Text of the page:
10 Things a Parent of an SPD Child Wants to Say to YOU

His SPD creates an insatiable craving for tactile stimulation.  He fidgets because his nervous system isn’t developed the same as yours or mine.  His nerves act as a one-way street.  His brain is telling his nerves that they should be feeling the rigidity of the seat under his bottom, but his nerves never respond to his brain letting it know they already feel it.  This creates frustration and anxiety which leads to fidgeting.  The same is true in reverse sometimes, too.

Some sensations, though inconsequential to you or me, are overwhelming to him.  The tag on your shirt isn’t noticeable to you, but for Vincent, his nerves are telling his brain that a thorn is digging into his neck.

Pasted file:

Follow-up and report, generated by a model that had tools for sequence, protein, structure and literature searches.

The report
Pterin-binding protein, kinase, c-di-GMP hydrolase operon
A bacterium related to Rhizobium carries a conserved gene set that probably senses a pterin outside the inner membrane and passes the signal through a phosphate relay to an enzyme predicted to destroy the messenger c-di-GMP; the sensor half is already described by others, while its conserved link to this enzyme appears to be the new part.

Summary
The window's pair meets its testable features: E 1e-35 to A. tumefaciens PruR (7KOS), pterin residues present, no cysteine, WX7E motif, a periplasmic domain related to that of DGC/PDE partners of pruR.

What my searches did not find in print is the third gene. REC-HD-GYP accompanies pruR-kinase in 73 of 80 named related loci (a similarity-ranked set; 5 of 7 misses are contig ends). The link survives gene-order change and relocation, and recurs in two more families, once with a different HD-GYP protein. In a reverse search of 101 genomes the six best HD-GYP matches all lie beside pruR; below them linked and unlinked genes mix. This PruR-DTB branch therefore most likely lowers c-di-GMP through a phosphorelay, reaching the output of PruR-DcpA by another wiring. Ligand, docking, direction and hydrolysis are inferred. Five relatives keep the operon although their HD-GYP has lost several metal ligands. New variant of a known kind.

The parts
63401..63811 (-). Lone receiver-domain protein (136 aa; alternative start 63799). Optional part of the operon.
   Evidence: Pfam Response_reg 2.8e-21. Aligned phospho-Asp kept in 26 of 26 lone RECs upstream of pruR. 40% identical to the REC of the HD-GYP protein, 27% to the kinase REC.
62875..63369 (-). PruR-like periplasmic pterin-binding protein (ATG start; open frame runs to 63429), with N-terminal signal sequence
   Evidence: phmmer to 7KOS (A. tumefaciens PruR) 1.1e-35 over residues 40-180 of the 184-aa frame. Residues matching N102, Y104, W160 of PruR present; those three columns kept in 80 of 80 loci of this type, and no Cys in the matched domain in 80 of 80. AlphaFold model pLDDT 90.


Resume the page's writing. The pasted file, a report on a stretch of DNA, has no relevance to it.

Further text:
He fidgets, but he has very good reasons for his fidgets.

  • The noises you balk at are necessary for his sanity.

The “inappropriate noises” he makes are repetitive and soothing.  To Vincent, all the sounds that you and I tune out carry the same urgency as those we prioritize.

You hear the voice of your boss telling you the deadline for your next project.  Vincent hears his teacher explaining a math problem, but also hears the humming of florescent lights, the rattling of the heater, the chatter of other students, the footsteps of the aid, the cars driving by outside the window, and even his own breathing.  Because his auditory discernment is not as strong as yours or mine, he is unable to focus on priority sounds and, in an effort to push aside all that noise, he makes sounds, himself, that help drown out the confusion.

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